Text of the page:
Avoiding Training Injuries!
03 Jun 2015
So you love going to your martial arts class! It’s fun, intense, and you learn something new everyday. Then you come home and ice every joint in your body. Sound familiar?
It’s a common story amongst many martial artists. We push our minds and bodies to the limit night after night, and often for we do it the wrong ways. Most of us aren’t professional fighters, and if you are you still shouldn’t be taking on injuries. Granted, it is a physically demanding activity, but that is no excuse.
First let’s understand a few common pitfalls of training that are almost at the root of EVERY injury that happens on the mats. Once we go thru a few….it’ll be evident what is going on.
When I was younger, I could do almost any physical activity with a “cold” body. I didn’t have to stretch out or get any blood flow going. It was 0 to 100mph instantly and for extensive periods of time. After bad shoulder injuries, neck pains, lower back pains that leave me crawling thru the house on all fours…I realized that the cold start was simply a stupid idea. Now I make sure I get to my academy earlier and stretch out my muscles, warm up all joints, get a little blood flow going by doing some very light shadow boxing or jumping jacks or maybe running in place. Since I began doing this I have had a significantly less amount of pains.
Competition or Cooperation?:
Whether we are in our Jeet Kune Do classes, Brazilian Jiu Jitsu classes, or even our Fitness classes we use partnered training methods often. It gives us a great energy and is never repetitive. It’s also a great way learn how to apply lessons we’ve learned. Sounds good right? Answer….sometimes! The problem is that when we partner with people it becomes a competition at times. We want to tap someone out, or score that secret kick or finish our reps before our parter. The question I ask is….”Why?” Not every drill is sparring! Calm down! I know it gets a bit more fun to raise the intensity….but that is typically a trait of hiding our own lack of skill. The idea is never to work hard, but work smart. Be a bit more cooperative in your training, and you’ll get much more out of it and not feel like an anvil landed on you the next morning.
This one is a pet peeve of mine! Martial Arts of all kind have training methods with built in safety methods. These training methods are designed to deliver a specific attribute or skill in a fun, safe manner. Often many students come away from the training method and do what they want to do at the moment. Follow the instructions of the instructor and the design of the drill….more often than not you will be just fine. Fall of the path, and prepare to take on those injuries!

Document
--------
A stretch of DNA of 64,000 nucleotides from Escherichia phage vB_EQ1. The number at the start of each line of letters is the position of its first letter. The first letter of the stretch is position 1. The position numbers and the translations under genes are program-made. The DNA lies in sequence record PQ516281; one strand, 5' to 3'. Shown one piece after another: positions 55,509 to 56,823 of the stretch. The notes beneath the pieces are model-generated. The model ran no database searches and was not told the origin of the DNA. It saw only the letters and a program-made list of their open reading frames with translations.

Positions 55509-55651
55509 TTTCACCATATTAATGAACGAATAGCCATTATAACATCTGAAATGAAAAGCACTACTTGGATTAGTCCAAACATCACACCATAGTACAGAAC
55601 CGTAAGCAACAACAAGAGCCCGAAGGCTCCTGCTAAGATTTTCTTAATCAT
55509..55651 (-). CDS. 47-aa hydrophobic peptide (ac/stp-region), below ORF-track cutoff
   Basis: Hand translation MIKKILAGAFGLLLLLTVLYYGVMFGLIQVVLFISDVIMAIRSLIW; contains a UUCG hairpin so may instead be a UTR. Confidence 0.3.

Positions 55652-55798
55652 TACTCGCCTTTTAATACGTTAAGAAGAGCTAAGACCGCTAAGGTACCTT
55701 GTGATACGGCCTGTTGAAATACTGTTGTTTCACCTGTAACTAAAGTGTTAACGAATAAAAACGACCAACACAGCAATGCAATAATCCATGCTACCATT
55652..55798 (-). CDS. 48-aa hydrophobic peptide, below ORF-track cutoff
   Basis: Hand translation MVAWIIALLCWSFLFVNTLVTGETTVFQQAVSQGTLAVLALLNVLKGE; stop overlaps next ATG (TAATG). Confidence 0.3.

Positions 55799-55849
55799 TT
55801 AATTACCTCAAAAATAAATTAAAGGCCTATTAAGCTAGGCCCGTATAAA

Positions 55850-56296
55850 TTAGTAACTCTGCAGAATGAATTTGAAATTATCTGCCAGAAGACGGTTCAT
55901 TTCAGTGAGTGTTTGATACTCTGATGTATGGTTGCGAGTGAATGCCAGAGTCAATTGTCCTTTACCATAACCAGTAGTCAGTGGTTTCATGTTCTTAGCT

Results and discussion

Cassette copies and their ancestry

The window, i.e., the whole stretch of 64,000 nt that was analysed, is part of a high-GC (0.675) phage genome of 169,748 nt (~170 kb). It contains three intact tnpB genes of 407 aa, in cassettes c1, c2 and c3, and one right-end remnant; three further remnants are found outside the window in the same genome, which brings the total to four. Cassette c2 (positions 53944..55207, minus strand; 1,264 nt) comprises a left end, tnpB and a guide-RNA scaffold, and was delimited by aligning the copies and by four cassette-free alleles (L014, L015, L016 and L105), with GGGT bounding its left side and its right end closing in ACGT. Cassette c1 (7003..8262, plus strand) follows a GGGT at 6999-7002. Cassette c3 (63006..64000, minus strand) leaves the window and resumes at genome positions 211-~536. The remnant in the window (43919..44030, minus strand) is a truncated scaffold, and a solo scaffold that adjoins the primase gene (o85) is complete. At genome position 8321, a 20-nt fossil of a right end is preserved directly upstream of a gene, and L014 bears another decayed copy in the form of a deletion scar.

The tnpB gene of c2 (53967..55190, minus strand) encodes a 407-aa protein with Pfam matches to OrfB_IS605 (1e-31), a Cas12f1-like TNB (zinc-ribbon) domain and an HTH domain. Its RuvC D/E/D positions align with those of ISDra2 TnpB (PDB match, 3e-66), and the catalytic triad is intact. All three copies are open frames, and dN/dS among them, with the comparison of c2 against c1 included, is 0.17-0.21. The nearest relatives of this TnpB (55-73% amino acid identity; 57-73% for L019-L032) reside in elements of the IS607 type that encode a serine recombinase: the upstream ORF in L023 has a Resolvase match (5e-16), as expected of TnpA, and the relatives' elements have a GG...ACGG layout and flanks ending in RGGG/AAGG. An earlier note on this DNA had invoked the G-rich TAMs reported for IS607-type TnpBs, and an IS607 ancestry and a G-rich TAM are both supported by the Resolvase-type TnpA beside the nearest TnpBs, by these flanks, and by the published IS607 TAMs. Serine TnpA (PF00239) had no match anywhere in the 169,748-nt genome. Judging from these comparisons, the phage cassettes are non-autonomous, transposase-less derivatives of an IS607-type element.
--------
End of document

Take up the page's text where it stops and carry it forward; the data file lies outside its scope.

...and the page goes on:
Communication is always key. If you have an existing ailment….tell the instructor and tell you partner. That way everyone is aware and will not do anything to agitate the issue. In the flip side, if your partner is moving too hard or fast for you….speak up! Nothing wrong with asking someone to slow down a bit, and it goes both ways….you can also ask someone to slow down if they are moving faster than their skillset allows.
The Main Goal:
Often in class I remind everyone what their main goal is and always should be in training. “Your goal is to make sure your classmates walk out of here with no injuries. And if they do the same for you then everyone is all good!” Aside from learning and developing skills, a big part of martial arts training is learning to respect the human body even if it is not yours! So next time you are on the mats, look at your classmates and tell yourself that you will do your part in their safe being, and they will do the same for you.
Most injuries in martial arts/fitness training are related to one of the above. And when you recall your classtime and have in instant replay moment…you might realize that there are couple of the above mentioned reasons. It’s ok….happens to the best of us! But know that your time in class is solely about YOU, and YOU want to walk out of there everyday without unnecessary injuries. So take your time, get your head on straight and follow a more mature approach to training.